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Prominence Hierarchy

Prominence Hierarchy

Prominence can be used to define a hierarchy of peaks on an island. To understand this hierarchy, we must first define the basic notion of a prominence parent/child relationship:

Parent Peaks and their Children

Referring to the island illustration, if Peak A is the highest on the island and Peak C is separated from Peak A by its key col, this makes Peak A the parent peak of Peak C. Similarly, the prominence of Peak B is defined by its height above its key col with Peak C. Peak C is therefore the parent peak of B. Since A is the parent of C and C is the parent of B, then A is the grandparent peak of B.

A Hierarchy of Ancestors and their Descendants

The UK Prominent Peaks replaces the idea of prominence parentage with the concept of ancestors and descendants. Parental links between hills within the same prominence band are set aside. Linkages between a peak and its ancestor in a higher prominence band or its descendant in a lower prominence band become the new focus. Mull, with its 16 Prominent Peaks, provides a good, but manageable-sized example to demonstrate the new relationship of ancestors and descendants.

Compare and contrast the illustrations below and note that the axis on the right is prominence and not height in metres. Following the 1-2-5 Principle, the green band indicates P100 peaks, the yellow band indicates P200 peaks and the red band indicates P500 peaks.

The 1st hierarchy illustration below shows the peaks of Mull with all their parental links. Ben More is the highest point on the island and is the parent for 9 hills, the grandparent for 4 hills and the great-grandparent for 2. The 2nd illustration shows just the links from any hill to its descendants or ancestors in higher or lower bands.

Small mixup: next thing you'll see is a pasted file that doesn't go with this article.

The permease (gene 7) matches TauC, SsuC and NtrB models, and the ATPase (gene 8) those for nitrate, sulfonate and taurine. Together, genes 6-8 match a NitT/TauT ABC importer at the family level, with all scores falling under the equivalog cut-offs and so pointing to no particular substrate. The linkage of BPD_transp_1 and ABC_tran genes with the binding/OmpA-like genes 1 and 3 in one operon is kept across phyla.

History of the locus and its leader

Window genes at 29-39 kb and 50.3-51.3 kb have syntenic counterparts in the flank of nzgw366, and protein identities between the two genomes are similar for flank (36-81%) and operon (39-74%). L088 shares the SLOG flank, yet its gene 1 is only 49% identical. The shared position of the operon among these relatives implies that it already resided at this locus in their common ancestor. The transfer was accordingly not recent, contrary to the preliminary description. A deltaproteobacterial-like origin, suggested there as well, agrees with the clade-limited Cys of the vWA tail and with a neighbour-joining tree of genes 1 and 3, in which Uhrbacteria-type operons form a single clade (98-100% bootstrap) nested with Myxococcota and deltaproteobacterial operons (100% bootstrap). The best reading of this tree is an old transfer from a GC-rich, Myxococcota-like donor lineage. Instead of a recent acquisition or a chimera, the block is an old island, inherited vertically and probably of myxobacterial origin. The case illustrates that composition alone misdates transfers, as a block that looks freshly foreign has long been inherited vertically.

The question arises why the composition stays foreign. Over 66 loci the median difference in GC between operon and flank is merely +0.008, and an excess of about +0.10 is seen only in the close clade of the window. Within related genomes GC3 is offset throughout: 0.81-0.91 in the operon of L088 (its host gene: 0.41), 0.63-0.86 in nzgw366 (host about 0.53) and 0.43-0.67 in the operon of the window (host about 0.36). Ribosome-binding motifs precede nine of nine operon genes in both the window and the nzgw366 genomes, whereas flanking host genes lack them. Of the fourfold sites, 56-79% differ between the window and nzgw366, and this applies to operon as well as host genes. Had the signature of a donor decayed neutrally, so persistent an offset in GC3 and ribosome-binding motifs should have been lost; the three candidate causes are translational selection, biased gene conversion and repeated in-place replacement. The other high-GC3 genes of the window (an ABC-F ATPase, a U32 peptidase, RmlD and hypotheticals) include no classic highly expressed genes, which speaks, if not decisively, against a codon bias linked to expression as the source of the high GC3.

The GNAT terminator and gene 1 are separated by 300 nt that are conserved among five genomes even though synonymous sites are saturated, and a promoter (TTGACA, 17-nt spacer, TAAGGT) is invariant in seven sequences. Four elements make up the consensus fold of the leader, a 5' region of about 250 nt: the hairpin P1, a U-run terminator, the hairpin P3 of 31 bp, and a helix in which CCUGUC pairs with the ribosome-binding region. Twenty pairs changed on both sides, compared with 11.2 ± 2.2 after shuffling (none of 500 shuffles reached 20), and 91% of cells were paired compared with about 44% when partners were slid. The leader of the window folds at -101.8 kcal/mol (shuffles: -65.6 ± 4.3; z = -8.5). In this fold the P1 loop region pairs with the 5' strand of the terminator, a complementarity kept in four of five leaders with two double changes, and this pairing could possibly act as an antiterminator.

Peaks with parental links

Peaks with links to ancestors and descendants in different prominence bands.

A look at the map shows that there are four ranges of hills on Mull and these correspond to the ancestor-descendant groups defined on the above diagram.

The Ben More family is the largest on Mull whereas Creach Beinn is one of only 15 P500s in the UK with no Prominent Peak descendant. One big advantage of using ancestors and descendants is that these prominence family relationships can then all be contained within the UK Prominent Peak database.

Dun da Ghaoithe Dun da Ghaoithe family P500 H750
Sgurr Dearg   P200 H500
Ben More, Mull Ben More family P500 H750
A'Chioch   P100 H750
Beinn Fhada   P100 H500
Beinn a'Ghraig   P100 H500
Coirc Bheinn   P100 H500
Beinn na Sreine   P200 H500
Corra-bheinn   P200 H500
Cruachan Dearg   P100 H500
Beinn Talaidh   P200 H750
Cruach Choireadail   P100 H500
Beinn a'Mheadhoin   P100 H500
Ben Buie Ben Buie family P500 H500
Beinn na Croise   P200 H500
Creach Beinn Creach Beinn family P500 H500

Splitting the Mull peaks into 4 families, each with a P500 ancestor, is a natural fit with the topography of Mull.

© 2022 Jim Bloomer, Roddy Urquhart in association with UK metric association